Most companies today struggle to keep their employees engaged. Most are failing…evidence shows that upwards of seven in 10 American workers are fully disengaged from their jobs. There are a number of reasons for it: distrustful employees, inflexible and authoritarian management, weak (or no) pay raises, a lack of appreciation for employees’ efforts and workers feeling they are simply not valued.
In the contact center, the problem is even worse. Call center workers have high turnover rates, and companies spend a fortune recruiting, hiring and training a constant, revolving-door stream of workers. Labor costs are already the number one expense of operation in a contact center, and these high turnover rates send costs skyrocketing even further. Even small improvements in employee engagement will lead to better retention, lower turnover, and costs saved for the company. It will also lead to better customer satisfaction.
Most companies don’t have a ton of money to throw at employee appreciation programs today, but these types of activities that make employees feel more valued need not cost a lot. A recent blog post by cloud contact center solutions provider Five9 (News - Alert) outlined some ways companies can raise the “fun” factor in the contact center without incurring significant costs. Five9 spoke with experts at CSWeek.com to look for ideas in how to better motivate employees and help them feel more valued. Some of these ideas could come in the form of events that will make employees feel more valued.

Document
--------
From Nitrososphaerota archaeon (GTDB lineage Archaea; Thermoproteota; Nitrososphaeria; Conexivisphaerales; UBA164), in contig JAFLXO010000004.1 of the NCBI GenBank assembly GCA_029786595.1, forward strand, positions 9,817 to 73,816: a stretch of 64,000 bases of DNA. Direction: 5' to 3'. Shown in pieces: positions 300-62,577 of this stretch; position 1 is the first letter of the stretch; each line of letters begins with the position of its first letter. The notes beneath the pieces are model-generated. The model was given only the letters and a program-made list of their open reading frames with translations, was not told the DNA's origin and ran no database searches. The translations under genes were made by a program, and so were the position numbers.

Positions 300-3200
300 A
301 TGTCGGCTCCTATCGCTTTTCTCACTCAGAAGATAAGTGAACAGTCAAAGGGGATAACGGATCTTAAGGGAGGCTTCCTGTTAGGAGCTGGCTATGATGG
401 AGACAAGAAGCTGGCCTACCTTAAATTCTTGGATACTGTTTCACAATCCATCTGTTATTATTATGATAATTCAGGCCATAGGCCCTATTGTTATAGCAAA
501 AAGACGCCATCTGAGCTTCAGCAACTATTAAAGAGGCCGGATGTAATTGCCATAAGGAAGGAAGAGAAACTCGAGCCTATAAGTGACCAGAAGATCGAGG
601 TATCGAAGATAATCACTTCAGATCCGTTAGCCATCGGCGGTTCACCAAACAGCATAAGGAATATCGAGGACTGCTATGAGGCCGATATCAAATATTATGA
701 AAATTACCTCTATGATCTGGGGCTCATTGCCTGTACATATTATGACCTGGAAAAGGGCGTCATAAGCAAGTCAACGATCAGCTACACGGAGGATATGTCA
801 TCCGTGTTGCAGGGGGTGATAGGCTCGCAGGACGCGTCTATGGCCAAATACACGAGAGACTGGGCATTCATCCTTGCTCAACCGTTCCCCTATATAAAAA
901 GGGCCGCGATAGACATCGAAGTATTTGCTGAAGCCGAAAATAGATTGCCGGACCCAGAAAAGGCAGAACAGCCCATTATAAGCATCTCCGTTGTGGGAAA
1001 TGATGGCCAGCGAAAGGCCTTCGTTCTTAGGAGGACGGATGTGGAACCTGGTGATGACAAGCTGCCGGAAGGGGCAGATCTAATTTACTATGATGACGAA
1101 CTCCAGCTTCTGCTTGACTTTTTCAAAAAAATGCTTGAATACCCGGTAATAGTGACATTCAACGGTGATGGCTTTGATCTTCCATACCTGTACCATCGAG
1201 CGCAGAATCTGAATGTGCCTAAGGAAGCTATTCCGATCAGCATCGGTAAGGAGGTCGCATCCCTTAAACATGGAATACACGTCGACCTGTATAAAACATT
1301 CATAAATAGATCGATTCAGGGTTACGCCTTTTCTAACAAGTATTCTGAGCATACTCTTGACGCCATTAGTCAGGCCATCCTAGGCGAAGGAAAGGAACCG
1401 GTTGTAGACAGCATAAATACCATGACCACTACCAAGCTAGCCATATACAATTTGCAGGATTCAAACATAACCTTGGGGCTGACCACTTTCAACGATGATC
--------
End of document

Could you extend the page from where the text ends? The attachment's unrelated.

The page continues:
“Solicit praise for every team member, from every team member,” wrote Five9. “Compile all the compliments into an Award Certificate and Trophy for everyone, then present them in an awards-ceremony setting. Add a movie trivia contest and you’re all set. Fun to plan, fun to watch.”
Many companies find that charity events that employees can do together are great team-building activities and help raise money for a good cause.
“Sponsor a fundraising walk, hold a grilling competition or chili cook-off, or spend a clean-up day at a park. Get lots of pictures and display them prominently back at the office,” wrote Five9.
Theme days are also a great idea: decorate the office for a specific theme – island paradise, for example – and encourage workers to dress to the theme (within reason, of course). Play ukulele music in the break room and offer tropical treats, and offer a reward for best costume or best team decorations.
Rewards, which could be handed our regularly at parties or team events, need not be large or even monetary: a plum parking space for a month, for example, or first pick of vacation time. They will, however, go a long way toward making employees feel appreciated. And employees who feel appreciated tend to stick around longer.
Edited by Stefania Viscusi